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  1. #41
    Join Date
    Nov 2011
    Location
    Rader, Greene County, Tennessee, USA
    Posts
    4,995

    Default Re: Extractor Size for number of hives.

    I think I'm gonna reroute my trip!

  2. #42
    Join Date
    Jan 2012
    Location
    Seneca Falls, NY
    Posts
    44

    Default Re: Extractor Size for number of hives.

    I ain't even got a garage, you can call home and ask my wife!
    That was a great song... Yes Im older than old enough...

  3. #43
    Join Date
    Aug 2002
    Location
    Nehawka, Nebraska USA
    Posts
    43,610

    Default Re: Extractor Size for number of hives.

    I have simple theory. It's not worth buying, using, cleaning anything less that the largest extractor I can fit in my door... My first, and so far only extractor, is a 9/18 (9 deeps and 18 mediums) motorized, radial. I can extract more than two of my 8 frame supers in one shot. I have used (but not bought) a two frame non reversible tangential extractor, and I would never buy one. Way too much work and time. You have to uncap, put the frames in, spin 1/4 of the honey (half of that side) out and then flip them, then spin all the honey from the other side, then flip them then spin all the honey out of the first side... and now you have extracted only two frames...

    I just did crush and strain for 26 years and then bought a motorized 9/18...

    But here is my answer:

    up to 4 hives crush and strain
    up to 8 hives crush and strain
    up to 18 hives marginal, but I'd crush and strain unless you have the excess cash available.
    18 frame for up to 400 hives.
    Michael Bush bushfarms.com/bees.htm "Everything works if you let it." ThePracticalBeekeeper.com 40y 200h 37yTF

  4. #44
    Join Date
    Nov 2011
    Location
    Rader, Greene County, Tennessee, USA
    Posts
    4,995

    Default Re: Extractor Size for number of hives.

    > up to 18 hives marginal, but I'd crush and strain unless you have the excess cash available.

    Or join a local beekeeping club that offers free or nominal charge extractor rental/borrowing.



    Davy Crockett Beekeepers Association
    Greeneville TN
    Meets: 4th Monday of each month except December - 7:30 p.m.
    Contact: Sara Ledford: (423) 235-6577


    The DCBA owns an extractor available for members' use, the rental fee is waived if you return the extractor clean. The club dues are $7 per year!

    To find other clubs in TN click here:
    http://www.tnbeekeepers.org/bee-clubs/
    Graham
    USDA Zone 7A Elevation 1400 ft

  5. #45
    Join Date
    Mar 2011
    Location
    Utica, NY
    Posts
    8,442

    Default Re: Extractor Size for number of hives.

    I think the need for a motorized extractor for beginners is they find out the fun doesn't last too long when you are cranking. I don't see the sense in buying a tangential extractor. If you are going to buy or build one make it radial and spin the frames once. The simplest thing you can do it make a frame, wood or metal with at least a 1/2 metal rod between two frames and spin it with a hand drill in a barrel.
    Obviously, crush and strain is the cheapest way to go but when you first start out you are trying to build up drawn comb so that is a conflict. Storing equipment can be a challenge, I agree.
    Brian Cardinal
    Zone 5a, Practicing non-intervention beekeeping

  6. #46
    Join Date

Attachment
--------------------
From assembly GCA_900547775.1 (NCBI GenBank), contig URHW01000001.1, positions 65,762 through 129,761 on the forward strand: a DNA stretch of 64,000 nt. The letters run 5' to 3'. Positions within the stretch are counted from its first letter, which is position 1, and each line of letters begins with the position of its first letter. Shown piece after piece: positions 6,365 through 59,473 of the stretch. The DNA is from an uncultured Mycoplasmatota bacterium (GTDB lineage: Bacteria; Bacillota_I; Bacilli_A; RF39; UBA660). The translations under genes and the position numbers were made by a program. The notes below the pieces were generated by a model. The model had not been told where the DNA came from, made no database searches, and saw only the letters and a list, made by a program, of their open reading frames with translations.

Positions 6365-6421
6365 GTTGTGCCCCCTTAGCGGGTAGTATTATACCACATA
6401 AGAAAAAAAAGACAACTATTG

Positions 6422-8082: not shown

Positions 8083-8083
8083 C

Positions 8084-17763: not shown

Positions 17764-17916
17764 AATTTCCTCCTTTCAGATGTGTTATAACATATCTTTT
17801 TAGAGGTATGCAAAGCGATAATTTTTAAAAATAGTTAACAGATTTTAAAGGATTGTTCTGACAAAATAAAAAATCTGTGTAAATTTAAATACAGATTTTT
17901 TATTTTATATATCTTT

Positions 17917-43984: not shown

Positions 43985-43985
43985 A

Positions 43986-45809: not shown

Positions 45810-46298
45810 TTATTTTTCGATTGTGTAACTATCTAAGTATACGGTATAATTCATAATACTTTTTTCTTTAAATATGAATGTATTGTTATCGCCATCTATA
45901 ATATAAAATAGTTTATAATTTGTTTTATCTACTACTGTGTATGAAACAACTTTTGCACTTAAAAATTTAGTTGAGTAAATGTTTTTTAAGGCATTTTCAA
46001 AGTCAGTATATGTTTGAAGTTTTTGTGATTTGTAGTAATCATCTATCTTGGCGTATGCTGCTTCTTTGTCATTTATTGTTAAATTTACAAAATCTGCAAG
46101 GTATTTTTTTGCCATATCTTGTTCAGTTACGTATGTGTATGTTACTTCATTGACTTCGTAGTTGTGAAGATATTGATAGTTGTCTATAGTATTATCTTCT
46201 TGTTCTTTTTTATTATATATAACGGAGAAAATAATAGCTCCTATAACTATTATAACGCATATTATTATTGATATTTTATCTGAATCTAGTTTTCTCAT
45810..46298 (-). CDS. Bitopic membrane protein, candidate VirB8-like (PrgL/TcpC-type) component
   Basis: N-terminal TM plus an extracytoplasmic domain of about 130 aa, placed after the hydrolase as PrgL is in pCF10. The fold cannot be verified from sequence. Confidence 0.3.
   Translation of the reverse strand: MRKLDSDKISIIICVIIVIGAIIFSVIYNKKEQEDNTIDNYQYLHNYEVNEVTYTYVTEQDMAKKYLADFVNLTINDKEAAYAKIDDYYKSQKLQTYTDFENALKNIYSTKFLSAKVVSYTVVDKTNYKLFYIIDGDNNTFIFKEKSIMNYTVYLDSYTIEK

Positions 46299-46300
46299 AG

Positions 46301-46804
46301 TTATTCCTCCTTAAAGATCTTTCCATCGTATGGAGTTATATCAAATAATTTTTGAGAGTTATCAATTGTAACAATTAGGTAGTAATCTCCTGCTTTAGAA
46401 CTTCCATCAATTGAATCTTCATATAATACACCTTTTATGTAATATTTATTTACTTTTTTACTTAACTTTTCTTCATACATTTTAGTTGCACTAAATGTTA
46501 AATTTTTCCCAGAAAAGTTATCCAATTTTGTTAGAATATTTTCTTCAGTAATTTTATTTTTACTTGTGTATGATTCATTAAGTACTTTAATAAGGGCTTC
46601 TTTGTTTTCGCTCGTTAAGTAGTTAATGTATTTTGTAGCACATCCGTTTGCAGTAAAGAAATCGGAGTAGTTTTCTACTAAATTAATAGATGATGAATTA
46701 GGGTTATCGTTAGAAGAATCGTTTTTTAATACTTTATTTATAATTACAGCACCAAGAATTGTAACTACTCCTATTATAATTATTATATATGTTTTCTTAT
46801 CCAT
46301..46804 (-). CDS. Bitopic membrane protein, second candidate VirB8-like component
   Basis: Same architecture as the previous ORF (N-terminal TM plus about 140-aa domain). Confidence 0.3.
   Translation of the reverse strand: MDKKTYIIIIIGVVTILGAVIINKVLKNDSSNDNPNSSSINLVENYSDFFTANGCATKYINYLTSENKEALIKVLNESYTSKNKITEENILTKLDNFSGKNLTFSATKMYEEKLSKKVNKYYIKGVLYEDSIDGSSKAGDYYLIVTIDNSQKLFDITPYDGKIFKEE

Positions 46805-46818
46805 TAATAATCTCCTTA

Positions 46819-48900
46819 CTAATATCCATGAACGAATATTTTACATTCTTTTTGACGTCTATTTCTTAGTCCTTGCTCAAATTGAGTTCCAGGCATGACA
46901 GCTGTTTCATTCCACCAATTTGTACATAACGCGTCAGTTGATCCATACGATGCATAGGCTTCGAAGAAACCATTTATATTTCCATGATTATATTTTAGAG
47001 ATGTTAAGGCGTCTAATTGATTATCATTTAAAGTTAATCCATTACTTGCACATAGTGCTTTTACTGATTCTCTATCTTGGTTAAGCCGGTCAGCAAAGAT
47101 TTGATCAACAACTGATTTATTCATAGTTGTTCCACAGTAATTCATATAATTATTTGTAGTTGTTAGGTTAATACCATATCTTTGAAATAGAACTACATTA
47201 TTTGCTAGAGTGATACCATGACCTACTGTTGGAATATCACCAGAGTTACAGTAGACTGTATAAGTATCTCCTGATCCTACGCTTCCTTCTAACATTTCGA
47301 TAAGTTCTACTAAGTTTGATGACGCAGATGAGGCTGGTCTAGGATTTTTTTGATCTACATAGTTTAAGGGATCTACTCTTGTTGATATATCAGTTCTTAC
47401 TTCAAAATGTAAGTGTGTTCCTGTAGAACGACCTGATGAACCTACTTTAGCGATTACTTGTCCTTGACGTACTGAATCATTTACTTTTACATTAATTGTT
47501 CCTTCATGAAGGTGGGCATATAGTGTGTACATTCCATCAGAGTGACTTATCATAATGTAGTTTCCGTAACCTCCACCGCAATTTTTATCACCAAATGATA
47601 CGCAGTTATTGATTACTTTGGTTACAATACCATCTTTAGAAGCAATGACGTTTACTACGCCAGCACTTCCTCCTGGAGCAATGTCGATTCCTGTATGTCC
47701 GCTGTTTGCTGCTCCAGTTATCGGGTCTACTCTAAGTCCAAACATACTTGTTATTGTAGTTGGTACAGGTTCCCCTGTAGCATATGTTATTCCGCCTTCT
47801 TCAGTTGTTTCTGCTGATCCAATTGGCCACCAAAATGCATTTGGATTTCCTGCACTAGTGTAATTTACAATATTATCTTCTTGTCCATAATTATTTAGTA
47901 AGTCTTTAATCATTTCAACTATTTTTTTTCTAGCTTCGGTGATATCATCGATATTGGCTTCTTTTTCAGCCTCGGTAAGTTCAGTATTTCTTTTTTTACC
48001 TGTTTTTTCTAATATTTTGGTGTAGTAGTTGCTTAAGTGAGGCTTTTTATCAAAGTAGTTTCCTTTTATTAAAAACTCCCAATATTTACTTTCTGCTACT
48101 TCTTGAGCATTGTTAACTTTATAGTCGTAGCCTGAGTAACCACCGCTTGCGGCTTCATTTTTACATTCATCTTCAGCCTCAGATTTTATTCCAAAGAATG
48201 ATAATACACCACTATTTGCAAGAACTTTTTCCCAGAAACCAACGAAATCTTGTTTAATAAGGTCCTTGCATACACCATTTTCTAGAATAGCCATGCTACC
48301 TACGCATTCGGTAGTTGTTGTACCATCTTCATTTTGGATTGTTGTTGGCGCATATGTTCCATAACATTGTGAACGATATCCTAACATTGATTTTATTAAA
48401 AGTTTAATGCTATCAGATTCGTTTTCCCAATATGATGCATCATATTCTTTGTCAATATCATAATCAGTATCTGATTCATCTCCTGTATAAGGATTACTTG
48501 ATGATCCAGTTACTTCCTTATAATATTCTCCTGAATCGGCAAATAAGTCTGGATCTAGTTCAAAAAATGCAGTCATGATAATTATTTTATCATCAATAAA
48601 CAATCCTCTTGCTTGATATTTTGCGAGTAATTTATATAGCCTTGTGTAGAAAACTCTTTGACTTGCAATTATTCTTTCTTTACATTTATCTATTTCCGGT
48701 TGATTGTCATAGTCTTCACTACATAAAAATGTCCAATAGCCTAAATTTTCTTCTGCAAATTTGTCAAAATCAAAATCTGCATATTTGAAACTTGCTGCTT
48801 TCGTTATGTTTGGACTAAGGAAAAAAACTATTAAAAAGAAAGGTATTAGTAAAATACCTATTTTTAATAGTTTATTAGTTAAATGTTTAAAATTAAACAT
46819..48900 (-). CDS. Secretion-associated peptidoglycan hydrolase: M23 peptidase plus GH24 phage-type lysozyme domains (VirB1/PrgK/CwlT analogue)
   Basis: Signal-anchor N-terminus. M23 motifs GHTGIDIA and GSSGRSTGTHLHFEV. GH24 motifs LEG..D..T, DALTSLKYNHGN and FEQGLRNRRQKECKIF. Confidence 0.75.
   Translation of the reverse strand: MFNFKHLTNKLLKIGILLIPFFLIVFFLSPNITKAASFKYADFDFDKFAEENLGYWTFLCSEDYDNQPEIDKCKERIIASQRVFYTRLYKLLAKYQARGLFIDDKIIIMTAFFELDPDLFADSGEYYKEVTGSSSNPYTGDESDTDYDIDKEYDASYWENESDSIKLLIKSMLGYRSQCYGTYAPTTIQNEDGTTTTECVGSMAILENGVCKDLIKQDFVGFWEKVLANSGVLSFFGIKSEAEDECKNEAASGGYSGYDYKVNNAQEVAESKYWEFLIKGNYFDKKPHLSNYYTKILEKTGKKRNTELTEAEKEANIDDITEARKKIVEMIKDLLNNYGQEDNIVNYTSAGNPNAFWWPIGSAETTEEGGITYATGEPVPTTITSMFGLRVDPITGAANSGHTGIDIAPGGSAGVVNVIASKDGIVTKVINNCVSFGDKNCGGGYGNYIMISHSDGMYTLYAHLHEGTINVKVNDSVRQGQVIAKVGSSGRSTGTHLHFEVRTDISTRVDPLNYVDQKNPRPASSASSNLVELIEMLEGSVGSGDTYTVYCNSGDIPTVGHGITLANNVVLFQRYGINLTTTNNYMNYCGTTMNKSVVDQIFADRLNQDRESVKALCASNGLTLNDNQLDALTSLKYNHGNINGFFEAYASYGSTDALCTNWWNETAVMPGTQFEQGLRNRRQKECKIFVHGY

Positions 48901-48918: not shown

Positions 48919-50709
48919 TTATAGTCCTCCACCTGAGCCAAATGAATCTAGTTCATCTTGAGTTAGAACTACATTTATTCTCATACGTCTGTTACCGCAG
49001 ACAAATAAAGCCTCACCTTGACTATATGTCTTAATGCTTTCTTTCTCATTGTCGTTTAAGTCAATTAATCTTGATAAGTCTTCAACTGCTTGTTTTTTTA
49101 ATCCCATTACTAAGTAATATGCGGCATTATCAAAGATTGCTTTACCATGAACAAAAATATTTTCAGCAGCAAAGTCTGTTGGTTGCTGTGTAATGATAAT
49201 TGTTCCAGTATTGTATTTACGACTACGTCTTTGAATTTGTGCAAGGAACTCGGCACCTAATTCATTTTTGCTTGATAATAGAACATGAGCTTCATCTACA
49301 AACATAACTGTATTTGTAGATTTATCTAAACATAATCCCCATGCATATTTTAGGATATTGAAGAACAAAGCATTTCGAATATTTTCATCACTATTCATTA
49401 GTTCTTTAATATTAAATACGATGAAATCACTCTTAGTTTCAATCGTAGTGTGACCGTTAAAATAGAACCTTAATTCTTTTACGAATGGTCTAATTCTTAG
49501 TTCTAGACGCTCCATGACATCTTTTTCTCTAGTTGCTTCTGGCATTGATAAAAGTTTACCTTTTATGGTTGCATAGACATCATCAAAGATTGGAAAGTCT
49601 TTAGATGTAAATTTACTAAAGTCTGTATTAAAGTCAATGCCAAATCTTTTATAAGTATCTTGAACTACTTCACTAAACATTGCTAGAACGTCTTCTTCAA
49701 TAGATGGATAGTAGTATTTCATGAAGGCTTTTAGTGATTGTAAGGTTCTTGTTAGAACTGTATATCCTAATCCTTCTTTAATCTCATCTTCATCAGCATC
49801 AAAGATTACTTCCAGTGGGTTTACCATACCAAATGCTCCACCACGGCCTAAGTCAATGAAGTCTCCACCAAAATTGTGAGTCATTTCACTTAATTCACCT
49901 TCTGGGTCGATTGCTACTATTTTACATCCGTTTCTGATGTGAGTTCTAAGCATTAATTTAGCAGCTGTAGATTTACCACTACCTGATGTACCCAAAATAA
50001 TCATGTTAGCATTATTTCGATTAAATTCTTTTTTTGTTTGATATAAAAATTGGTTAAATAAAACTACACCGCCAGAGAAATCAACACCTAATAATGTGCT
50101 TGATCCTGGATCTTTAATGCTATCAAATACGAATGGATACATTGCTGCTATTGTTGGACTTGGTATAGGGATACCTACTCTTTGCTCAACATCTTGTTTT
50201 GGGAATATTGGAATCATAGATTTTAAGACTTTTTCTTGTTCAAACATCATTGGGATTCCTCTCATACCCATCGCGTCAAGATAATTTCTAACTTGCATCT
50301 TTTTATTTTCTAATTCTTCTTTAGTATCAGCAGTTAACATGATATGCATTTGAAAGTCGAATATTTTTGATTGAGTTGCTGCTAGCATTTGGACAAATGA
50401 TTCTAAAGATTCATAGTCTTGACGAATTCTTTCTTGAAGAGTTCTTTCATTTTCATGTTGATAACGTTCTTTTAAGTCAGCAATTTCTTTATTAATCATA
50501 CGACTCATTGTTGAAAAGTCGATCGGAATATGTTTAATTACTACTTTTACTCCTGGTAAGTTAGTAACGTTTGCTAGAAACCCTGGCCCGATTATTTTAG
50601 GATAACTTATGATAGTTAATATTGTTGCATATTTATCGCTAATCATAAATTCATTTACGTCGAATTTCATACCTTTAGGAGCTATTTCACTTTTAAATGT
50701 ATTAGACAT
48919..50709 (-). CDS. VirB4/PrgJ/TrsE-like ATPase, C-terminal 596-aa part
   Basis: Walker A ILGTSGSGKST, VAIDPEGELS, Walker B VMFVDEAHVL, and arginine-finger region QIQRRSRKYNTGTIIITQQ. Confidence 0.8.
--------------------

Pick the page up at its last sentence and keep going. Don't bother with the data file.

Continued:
Jun 2009
    Location
    Montgomery County, NY
    Posts
    1,326

    Default Re: Extractor Size for number of hives.

    I used a 9 med frame Italian 3 deep extractor until I got past 144 colonies. Then I found a really good deal on (2) 32 frame dadants and run that on 400 colonies now. I disagree with Mike. You need more than 1 18 frame extractor for 400, less you go back to how hard do you want to work as Ron pointed out, or in this case how long do you want to extract honey for during the winter months?

  7. #47
    Join Date
    Jun 2009
    Location
    Montgomery County, NY
    Posts
    1,326

    Default Re: Extractor Size for number of hives.

    Quote Originally Posted by Acebird View Post
    Obviously, crush and strain is the cheapest way to go but when you first start out you are trying to build up drawn comb so that is a conflict.
    Building comb is expensive, and time is also expensive.

    How much does it really cost for crush and strain? Set aside you dont have to buy an extractor?

  8. #48
    Join Date
    Feb 2013
    Location
    Carbondale, IL
    Posts
    35

    Default Re: Extractor Size for number of hives.

    Quote Originally Posted by Michael Bush View Post
    I have simple theory. It's not worth buying, using, cleaning anything less that the largest extractor I can fit in my door... My first, and so far only extractor, is a 9/18 (9 deeps and 18 mediums) motorized, radial. I can extract more than two of my 8 frame supers in one shot. I have used (but not bought) a two frame non reversible tangential extractor, and I would never buy one. Way too much work and time. You have to uncap, put the frames in, spin 1/4 of the honey (half of that side) out and then flip them, then spin all the honey from the other side, then flip them then spin all the honey out of the first side... and now you have extracted only two frames...

    I just did crush and strain for 26 years and then bought a motorized 9/18...

    But here is my answer:

    up to 4 hives crush and strain
    up to 8 hives crush and strain
    up to 18 hives marginal, but I'd crush and strain unless you have the excess cash available.
    18 frame for up to 400 hives.
    One of my previous posts lists the elaborate processing equipment I used to own for 20 hives. All I can say in response to Micheal Bush's post is "Amen".
    If I ever get past 20 hives again I will consider an radial extractor only. Tangentials are not worth the money or grief. Until then crush and strain will be just fine.
    Where are we and what's with this hand basket?

  9. #49
    Join Date
    Mar 2011
    Location
    Utica, NY
    Posts
    8,442

    Default Re: Extractor Size for number of hives.

    Quote Originally Posted by BMAC View Post
    How much does it really cost for crush and strain?
    A hobbyist is going to equate their time as zero dollars. A small operation may do the same if they don't have payroll to contend with. Need could come into the picture if they feel they can't get the job done in the time that they have available.
    Brian Cardinal
    Zone 5a, Practicing non-intervention beekeeping

  10. #50
    Join Date
    Jun 2009